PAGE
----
A Little Metadata Goes a Long Way

And four other intriguing things: playing Nabokov, the Gervais principle, anti-food propaganda, and engineering (what remains of) the Colorado delta.
Harry Ransom Center

1. What even a little tiny bit of metadata can say.

"Mayer and his team showed that participants called public numbers of 'Alcoholics Anonymous, gun stores, NARAL Pro-Choice, labor unions, divorce lawyers, sexually transmitted disease clinics, a Canadian import pharmacy, strip clubs, and much more.' The researchers were even surprised that they had real-world results to support a classic nightmare scenario feared by many civil libertarians and privacy activists."


2. Playing Nabokov.

"This article considers different experiences available to the reader of Vladimir Nabokov’s Pale Fire by exploring the novel through concepts familiar from videogaming, such as the warp, the glitch, and the Let’s Play, developing particular parallels with the Nintendo game Super Mario Bros. All of these potential modes of experience are comprised in the playerly text, which serves as a conduit linking together a work’s past, present, and future readers."


3. The Gervais Principle: The Office as Management Theory.

"Sociopaths, in their own best interests, knowingly promote over-performing losers into middle-management, groom under-performing losers into sociopaths, and leave the average bare-minimum-effort losers to fend for themselves."


4. When food marketing was about getting people not to eat it.

"The Russian economy simply wasn’t equipped both to fight a war and feed its citizens. Young men left the countryside in droves after being conscripted into the army, severely cutting the available labor force and slowing agricultural production. Inflation as a result of the war then made it impossible for the remaining farmers to make a profit on their goods. No one could afford to grow food, and few could afford to buy enough of it. Food then became a prominent subject in Russian propaganda. The Harry Ransom Center is home to the diverse collection of Kuharet’s Russian World War I posters. A surprising number of these prints pertain to food: specifically food that has been personified as evil. Even the act of eating food is portrayed as unpleasant—something that would likely have been incomprehensible to the starving nation."


5. An attempt to ecologically engineer the Colorado delta back into existence.

"On 23 March, operators at the Morelos Dam along the US–Mexico border near Yuma, Arizona, will open the gates and begin releasing water downstream. The goal is to dampen broad swathes of the arid Colorado River delta for the first time in decades, allowing new cottonwood and willow trees to germinate and restore small patches of riparian habitat. The move, which follows bitter international battles over water rights, will mark the first time that the United States and Mexico have put water back into the parched riverbed for environmental purposes. It is both a practical and a symbolic victory for conservationists who have fought to restore what was once 800,000 hectares of lush wetlands, as well as a rare opportunity for ecologists worldwide to watch what happens."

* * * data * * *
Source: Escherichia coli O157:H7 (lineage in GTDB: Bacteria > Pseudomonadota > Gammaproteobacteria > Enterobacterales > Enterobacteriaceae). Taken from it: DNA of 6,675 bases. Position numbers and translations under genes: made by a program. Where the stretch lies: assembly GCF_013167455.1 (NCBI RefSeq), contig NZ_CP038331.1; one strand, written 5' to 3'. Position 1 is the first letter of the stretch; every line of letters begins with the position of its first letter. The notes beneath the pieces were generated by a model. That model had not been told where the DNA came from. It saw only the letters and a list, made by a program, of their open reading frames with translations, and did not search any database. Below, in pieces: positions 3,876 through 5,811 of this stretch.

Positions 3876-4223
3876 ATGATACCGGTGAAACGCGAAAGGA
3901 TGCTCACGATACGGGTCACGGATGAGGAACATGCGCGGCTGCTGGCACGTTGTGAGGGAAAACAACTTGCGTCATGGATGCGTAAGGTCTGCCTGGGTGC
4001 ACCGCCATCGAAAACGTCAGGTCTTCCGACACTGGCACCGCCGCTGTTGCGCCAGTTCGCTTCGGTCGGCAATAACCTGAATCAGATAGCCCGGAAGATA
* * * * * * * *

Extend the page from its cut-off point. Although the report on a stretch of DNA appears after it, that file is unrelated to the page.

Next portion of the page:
Today's 1957 American English Usage Tip

averse, aversion. To insist on from as the only right preposition after these, in spite of the more general use of to (What cat's averse to fish?—Gray. He had been averse to extreme courses.—Macaulay. Nature has put into man an aversion to misery.—Locke) is one of the pedantries that spring of little knowledge. Although many of the older writers used from (Donne, Walton, Locke), to has also been used since the 17th c. (Walton, Boyle). In modern usage to is much more prevalent. 


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Alexis C. Madrigal

Alexis Madrigal is the deputy editor of TheAtlantic.com. He's the author of Powering the Dream: The History and Promise of Green Technology. More

The New York Observer has called Madrigal "for all intents and purposes, the perfect modern reporter." He co-founded Longshot magazine, a high-speed media experiment that garnered attention from The New York Times, The Wall Street Journal, and the BBC. While at Wired.com, he built Wired Science into one of the most popular blogs in the world. The site was nominated for best magazine blog by the MPA and best science website in the 2009 Webby Awards. He also co-founded Haiti ReWired, a groundbreaking community dedicated to the discussion of technology, infrastructure, and the future of Haiti.

He's spoken at Stanford, CalTech, Berkeley, SXSW, E3, and the National Renewable Energy Laboratory, and his writing was anthologized in Best Technology Writing 2010 (Yale University Press).

Madrigal is a visiting scholar at the University of California at Berkeley's Office for the History of Science and Technology. Born in Mexico City, he grew up in the exurbs north of Portland, Oregon, and now lives in Oakland.

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